Eurocurrency Market
Grown?
The next big increase came after the
1973-74 and 1979-80 oil price increases
Arab members of OPEC accumulated
huge amounts of dollars
avoided potential confiscation of their dollars
by the U.S. by depositing them in banks in
London

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What Makes The


Eurocurrency Market
Attractive?
The eurocurrency market is attractive because it
is not regulated by the government
banks can offer higher interest rates on eurocurrency
deposits and charge lower interest rates to
eurocurrency borrowers

The spread between the eurocurrency deposit


and lending rates is less than the spread
between the domestic deposit and lending rates
gives eurocurrency banks a competitive edge over
domestic banks

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What Makes The


Eurocurrency Market
Attractive?
Interest Rate Spreads in Domestic and Eurocurrency Markets

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What Makes The


Eurocurrency Market
Unattractive?
The eurocurrency market has two significant

drawbacks:
1. Because the eurocurrency market is
unregulated, there is a higher risk that bank
failure could cause depositors to lose funds

can avoid this risk by accepting a lower return on a


home-country deposit

2. Companies borrowing eurocurrencies can be


exposed to foreign exchange risk
can minimize this risk through forward market
hedges
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What Is The
Global Bond Market?
Bonds are an important means of financing for
many companies
the most common bond is a fixed rate which gives
investors fixed cash payoffs

The global bond market grew rapidly during the


1980s and 1990s and continues to grow today
There are two types of international bonds
1. Foreign bonds
2. Eurobonds

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What Makes The


Eurobond Market
Attractive?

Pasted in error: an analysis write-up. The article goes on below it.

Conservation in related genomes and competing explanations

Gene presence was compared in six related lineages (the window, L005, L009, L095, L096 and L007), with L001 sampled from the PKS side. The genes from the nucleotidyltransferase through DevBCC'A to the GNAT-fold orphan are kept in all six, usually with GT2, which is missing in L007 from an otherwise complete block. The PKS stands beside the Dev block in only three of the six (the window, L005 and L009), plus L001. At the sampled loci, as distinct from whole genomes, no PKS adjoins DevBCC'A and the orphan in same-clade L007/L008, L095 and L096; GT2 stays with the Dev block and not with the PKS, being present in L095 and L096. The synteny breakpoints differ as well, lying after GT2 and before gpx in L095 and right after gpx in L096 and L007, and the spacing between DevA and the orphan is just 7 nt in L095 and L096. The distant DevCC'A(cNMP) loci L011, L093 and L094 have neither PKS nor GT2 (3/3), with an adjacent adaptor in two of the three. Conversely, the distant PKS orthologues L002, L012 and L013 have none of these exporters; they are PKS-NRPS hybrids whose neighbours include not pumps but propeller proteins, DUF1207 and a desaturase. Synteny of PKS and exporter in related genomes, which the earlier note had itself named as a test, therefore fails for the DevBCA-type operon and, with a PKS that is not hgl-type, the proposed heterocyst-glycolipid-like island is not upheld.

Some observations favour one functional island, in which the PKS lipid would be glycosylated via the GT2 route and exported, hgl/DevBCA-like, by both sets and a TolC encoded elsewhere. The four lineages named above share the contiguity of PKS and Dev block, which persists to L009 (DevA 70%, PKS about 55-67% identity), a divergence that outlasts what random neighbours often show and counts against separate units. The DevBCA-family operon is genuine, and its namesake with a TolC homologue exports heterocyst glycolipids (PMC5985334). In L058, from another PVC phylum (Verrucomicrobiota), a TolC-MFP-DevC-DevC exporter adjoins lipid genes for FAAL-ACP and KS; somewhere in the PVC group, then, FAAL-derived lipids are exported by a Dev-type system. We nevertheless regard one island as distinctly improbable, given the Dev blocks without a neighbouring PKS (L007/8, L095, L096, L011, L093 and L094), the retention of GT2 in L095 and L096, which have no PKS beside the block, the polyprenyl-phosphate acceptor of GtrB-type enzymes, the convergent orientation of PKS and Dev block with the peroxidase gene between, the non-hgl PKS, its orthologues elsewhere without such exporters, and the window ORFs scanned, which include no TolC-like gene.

The eurobond market is attractive because

1. It lacks regulatory interference

since companies do not have to adhere to strict


regulations, the cost of issuing bonds is lower

2. It has less stringent disclosure requirements


than domestic bond markets
it can be cheaper and less time consuming to offer
eurobonds than dollar-denominated bonds

3. It is more favorable from a tax perspective


eurobonds can be sold directly to foreign investors

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What Is The
Global Equity Market?
The global equity market allows firms to
1. Attract capital from international investors
many investors buy foreign equities to
diversify their portfolios

2. List their stock on multiple exchanges


this type of trend may result in an
internationalization of corporate ownership

3. Raise funds by issuing debt or equity


around the world
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What Do Global Capital


Markets Mean For
Managers?
The growth in
global capital markets has created
opportunities for firms to borrow or invest
internationally
can often borrow at a lower cost, but must balance
the foreign exchange risk against the costs savings

Growth in capital markets offers opportunities for


firms, institutions, and individuals to diversify
their investments and reduce risk
Capital markets are likely to continue to integrate
providing more opportunities for business